The first time I did this it went well. I asked a person, he said yes, and that was that. 

This was the first time I had asked someone to take a picture of me with my pride flag. The picture was taken on Granit Mountain, and that’s Rainier in the background. Photo by a random stranger who didn’t look intimidating.

The second time provided a little sign from God that he had my back. I was hiking the Burrough peaks on Mount Rainier and brought my pride flag. At the summit I asked a random guy (nothing conspicuous about him) to take a picture of me with the flag. He kindly obliged, and as we were about to part ways said, “It’s nice to see a fellow queer out on the trails.” This acted as a nice bit of reassurance and made my day. (See cover photo) 

That happened on July 17, 2021, and it was just under a month later that I had my testimony experience (see part 4).  

See Also

The Day I Came Out Publicly 

By the time October 10 rolled around, I was ready. I counted down the days in my journal, going through my mental checklist to make sure everything was in order. 

On the morning of, I drove over to Whitman Mission. Once there, I walked up to the obelisk, and had a devotion and prayer time. 

Whitman Mission happens to be a gravesite, a fitting place to emerge from the ashes of my dead self and show people how I had been reborn. 

After my devotion, I did a mental check to make sure everything felt good, and it did. 

I pulled out my phone and spent the next 30 minutes writing and rewriting what I would say. Appropriately, for the picture, I used the one taken by the guy on the Burroughs. 

Once I had read over the caption a dozen times, I prayed, then clicked “post,” and it was then visible on my Instagram and Facebook accounts.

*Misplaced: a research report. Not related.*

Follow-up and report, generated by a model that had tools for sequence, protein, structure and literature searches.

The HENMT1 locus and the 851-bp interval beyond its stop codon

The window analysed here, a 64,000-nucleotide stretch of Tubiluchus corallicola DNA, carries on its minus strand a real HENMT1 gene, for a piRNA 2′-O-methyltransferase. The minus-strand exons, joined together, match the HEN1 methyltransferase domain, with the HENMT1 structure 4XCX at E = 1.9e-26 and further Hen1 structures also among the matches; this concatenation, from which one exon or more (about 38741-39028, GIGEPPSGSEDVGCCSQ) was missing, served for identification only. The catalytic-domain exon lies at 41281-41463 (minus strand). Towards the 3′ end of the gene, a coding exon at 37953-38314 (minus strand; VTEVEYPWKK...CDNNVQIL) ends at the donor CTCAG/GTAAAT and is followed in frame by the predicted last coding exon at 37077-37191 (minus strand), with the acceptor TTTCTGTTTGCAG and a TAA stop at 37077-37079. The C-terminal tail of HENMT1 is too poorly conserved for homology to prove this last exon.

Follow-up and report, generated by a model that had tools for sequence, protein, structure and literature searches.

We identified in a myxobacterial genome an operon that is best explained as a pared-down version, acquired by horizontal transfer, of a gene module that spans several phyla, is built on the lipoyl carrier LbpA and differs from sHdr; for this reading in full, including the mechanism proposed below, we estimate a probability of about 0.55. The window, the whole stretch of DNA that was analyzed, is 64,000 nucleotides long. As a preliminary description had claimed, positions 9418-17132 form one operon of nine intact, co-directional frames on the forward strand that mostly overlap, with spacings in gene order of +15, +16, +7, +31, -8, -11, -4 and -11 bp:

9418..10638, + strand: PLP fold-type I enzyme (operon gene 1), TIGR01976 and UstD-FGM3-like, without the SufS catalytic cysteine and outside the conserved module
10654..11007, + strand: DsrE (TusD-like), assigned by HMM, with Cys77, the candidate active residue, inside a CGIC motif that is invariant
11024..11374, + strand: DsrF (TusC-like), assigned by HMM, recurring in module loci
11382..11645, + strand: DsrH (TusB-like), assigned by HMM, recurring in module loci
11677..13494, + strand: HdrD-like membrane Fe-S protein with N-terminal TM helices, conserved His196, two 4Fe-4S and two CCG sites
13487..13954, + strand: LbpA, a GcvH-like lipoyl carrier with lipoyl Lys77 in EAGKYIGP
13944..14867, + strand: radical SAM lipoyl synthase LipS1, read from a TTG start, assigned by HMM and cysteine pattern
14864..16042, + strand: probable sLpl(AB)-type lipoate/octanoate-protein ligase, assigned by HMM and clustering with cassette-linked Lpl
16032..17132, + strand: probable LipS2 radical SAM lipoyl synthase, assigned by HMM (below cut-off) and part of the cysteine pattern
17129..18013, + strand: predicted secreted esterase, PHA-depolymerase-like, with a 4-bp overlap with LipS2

Then the nerves really hit. I started to shake and couldn’t stop refreshing my Instagram every 30 seconds to see who had liked or commented on the post. Then I made my way back to my car and proudly stuck a rainbow flag sticker to my bumper. 

My new bumper sticker, which has since been replaced by a bigger flag since the sun was fading the colors. It now resides taped in my journal. Photo by Josh Beaudoin

The next couple weeks were interesting. I was very self-conscious the first little while, and my appetite was a little off from the stress, but it was manageable. Emotionally, I felt good, and rationally I knew I had done the right thing. 

Final Thoughts 

Since coming out, there have been a few times when I’ll be casually talking with a friend who I’ve never previously discussed my sexuality with, and they’ll nonchalantly bring up the subject. For example, one friend asked me what it’s like being gay and conservative, and after talking about that for a couple of minutes, we moved on like it was any other subject you might bring up during a casual conversation. There was nothing awkward about it.  

Times like that make me smile, as they’re a reminder of how far I’ve come. It’s rather amazing how I’ve gone from being too scared to come out to a single person, to wearing rainbow shorts and a rainbow mask around campus and publishing my coming out story.  

None of that would have happened without God giving me the strength to have those tough conversations. God taught me the only way through life is by trusting in him, and because of him, I can proclaim that the Lord is good. (Psalm 34:8) 

*Haven is a support group on campus for LGBTQ+ people. If you’re LGBTQ+ and interested in learning more, email Haven@wallawalla.edu. They’re amazing people! 

View Comment (1)
  • As someone who has faced public discrimination in the Adventist community, I find it hard to stomach that somebody can claim that they have never experienced it. Also, I feel that this sets an example for people to point to of “why can’t you just be like him” when a queer person decides to pursue someone of the same sex or commits a perceivable “sin”. Respectfully, I am glad you experienced what you did, but most people in the queer community – myself included – have been traumatized and scarred by the actions of the church. This sets a precedent that makes me uncomfortable.